r.squaredLR | R Documentation |

Calculate a coefficient of determination based on the likelihood-ratio test (R_LR²).

r.squaredLR(object, null = NULL, null.RE = FALSE, ...) null.fit(object, evaluate = FALSE, RE.keep = FALSE, envir = NULL, ...)

`object` |
a fitted model object. |

`null` |
a fitted |

`null.RE` |
logical, should the null model contain random factors? Only
used if no |

`evaluate` |
if |

`RE.keep` |
if |

`envir` |
the environment in which the |

`...` |
further arguments, of which only |

This statistic is is one of the several proposed pseudo-R²'s for
nonlinear regression models. It is based on an improvement from *null*
(intercept only) model to the fitted model, and calculated as

*R² = 1 - exp(-2/n * ㏒ℓ(x) - ㏒ℓ(0))
*

where *㏒ℓ(x)* and *㏒ℓ(0)* are the log-likelihoods of the
fitted and the *null* model respectively.
ML estimates are used if models have been
fitted by REstricted ML (by calling `logLik`

with argument
`REML = FALSE`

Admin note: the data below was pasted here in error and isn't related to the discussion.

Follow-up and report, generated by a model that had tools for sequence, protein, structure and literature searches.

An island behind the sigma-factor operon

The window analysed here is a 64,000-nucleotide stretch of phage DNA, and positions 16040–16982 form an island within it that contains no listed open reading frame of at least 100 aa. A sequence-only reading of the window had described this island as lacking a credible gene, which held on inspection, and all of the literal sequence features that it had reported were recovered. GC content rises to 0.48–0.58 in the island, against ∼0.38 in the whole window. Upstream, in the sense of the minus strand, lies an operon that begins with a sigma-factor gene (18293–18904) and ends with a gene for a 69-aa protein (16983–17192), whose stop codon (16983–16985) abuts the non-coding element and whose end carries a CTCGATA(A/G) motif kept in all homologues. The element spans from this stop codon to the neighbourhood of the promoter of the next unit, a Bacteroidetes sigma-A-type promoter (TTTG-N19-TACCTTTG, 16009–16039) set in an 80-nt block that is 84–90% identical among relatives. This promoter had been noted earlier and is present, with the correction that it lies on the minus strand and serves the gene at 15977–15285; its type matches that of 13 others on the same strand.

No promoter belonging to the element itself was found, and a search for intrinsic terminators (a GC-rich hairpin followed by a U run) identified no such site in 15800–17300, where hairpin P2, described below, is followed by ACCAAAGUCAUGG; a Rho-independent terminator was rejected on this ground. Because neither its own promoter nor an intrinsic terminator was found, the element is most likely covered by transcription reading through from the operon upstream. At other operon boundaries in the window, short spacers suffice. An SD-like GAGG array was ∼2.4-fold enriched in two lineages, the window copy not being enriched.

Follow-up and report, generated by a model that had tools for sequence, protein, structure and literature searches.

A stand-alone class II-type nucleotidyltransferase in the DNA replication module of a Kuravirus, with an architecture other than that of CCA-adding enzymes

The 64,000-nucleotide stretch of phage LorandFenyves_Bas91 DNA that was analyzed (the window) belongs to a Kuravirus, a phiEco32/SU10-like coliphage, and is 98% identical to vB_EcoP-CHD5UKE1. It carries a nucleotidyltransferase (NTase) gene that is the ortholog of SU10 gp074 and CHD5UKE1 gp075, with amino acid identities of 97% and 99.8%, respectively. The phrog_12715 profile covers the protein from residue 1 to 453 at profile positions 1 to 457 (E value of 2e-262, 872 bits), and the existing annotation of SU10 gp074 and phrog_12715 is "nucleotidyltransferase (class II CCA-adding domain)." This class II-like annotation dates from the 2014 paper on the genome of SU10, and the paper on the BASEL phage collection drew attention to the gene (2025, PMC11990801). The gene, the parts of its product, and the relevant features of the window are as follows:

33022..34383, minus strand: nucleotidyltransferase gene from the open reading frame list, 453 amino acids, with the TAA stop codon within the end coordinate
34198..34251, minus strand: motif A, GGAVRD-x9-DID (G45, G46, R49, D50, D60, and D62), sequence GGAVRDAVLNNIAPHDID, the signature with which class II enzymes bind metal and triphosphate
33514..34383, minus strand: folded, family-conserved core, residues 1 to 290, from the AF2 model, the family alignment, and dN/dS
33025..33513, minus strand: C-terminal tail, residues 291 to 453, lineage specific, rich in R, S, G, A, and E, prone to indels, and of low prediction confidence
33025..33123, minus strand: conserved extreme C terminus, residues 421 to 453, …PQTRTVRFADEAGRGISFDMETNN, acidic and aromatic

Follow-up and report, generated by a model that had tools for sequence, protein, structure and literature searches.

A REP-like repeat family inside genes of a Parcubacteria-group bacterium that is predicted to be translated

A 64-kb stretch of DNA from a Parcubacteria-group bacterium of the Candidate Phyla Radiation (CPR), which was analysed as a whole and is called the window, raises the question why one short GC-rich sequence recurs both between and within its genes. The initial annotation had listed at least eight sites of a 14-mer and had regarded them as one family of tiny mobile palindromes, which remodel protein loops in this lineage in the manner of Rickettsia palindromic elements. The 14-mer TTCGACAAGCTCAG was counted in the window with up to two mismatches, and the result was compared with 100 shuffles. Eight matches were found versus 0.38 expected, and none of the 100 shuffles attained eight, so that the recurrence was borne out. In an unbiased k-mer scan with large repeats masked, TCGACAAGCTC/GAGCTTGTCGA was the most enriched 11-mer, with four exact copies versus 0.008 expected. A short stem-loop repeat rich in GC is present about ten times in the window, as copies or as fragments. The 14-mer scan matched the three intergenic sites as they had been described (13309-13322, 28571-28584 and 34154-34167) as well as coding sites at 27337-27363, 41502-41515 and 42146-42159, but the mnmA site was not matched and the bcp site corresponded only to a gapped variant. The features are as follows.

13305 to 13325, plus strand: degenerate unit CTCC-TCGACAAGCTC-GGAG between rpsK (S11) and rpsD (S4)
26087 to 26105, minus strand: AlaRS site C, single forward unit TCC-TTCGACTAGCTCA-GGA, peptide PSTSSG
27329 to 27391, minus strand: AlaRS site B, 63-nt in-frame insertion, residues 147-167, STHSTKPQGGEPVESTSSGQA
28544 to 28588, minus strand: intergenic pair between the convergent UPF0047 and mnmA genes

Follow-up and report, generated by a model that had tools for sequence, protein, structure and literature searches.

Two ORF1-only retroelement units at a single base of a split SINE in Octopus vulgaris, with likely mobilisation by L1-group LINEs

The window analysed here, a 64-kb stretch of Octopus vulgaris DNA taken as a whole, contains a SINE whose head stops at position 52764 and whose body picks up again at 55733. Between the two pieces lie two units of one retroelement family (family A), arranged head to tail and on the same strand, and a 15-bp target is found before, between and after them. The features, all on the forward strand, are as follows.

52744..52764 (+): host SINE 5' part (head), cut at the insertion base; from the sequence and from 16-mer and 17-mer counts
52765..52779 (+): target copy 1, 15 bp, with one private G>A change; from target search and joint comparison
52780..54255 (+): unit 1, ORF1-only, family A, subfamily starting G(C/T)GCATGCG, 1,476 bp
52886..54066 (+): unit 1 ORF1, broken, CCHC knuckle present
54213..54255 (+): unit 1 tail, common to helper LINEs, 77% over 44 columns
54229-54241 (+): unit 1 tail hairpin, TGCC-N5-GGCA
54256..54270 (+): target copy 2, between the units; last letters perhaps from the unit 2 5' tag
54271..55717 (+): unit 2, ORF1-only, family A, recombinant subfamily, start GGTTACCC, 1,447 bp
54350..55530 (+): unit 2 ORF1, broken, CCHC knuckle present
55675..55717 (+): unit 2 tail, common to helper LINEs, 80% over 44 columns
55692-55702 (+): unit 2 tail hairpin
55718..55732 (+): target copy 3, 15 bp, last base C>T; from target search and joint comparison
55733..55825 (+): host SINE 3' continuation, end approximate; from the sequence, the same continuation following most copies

). Note that the *null* model can include the random
factors of the original model, in which case the statistic represents the
‘variance explained’ by fixed effects.

For OLS models the value is consistent with classical R². In some
cases (e.g. in logistic regression), the maximum R_LR² is less than one.
The modification proposed by Nagelkerke (1991) adjusts the R_LR² to achieve
1 at its maximum:
*R̅² = R² / max(R²)
*
where
*max(R²) = 1 - exp(2 / n * ㏒ℓ(0))
*.

`null.fit`

tries to guess the *null* model call, given the provided
fitted model object. This would be usually a `glm`

. The function will give
an error for an unrecognised class.

`r.squaredLR`

returns a value of R_LR², and the
attribute `"adj.r.squared"`

gives the Nagelkerke's modified statistic.
Note that this is not the same as nor equivalent to the classical
‘adjusted R squared’.

`null.fit`

returns the fitted *null* model object (if
`evaluate = TRUE`

) or an unevaluated call to fit a *null* model.

R² is a useful goodness-of-fit measure as it has the interpretation of the proportion of the variance ‘explained’, but it performs poorly in model selection, and is not suitable for use in the same way as the information criteria.

Cox, D. R. and Snell, E. J. (1989) *The analysis of binary data*, 2nd ed.
London, Chapman and Hall

Magee, L. (1990) R² measures based on Wald and likelihood ratio joint
significance tests. *Amer. Stat.* 44: 250-253

Nagelkerke, N. J. D. (1991) A note on a general definition of the coefficient of
determination. *Biometrika* 78: 691-692

`summary.lm`

, `r.squaredGLMM`

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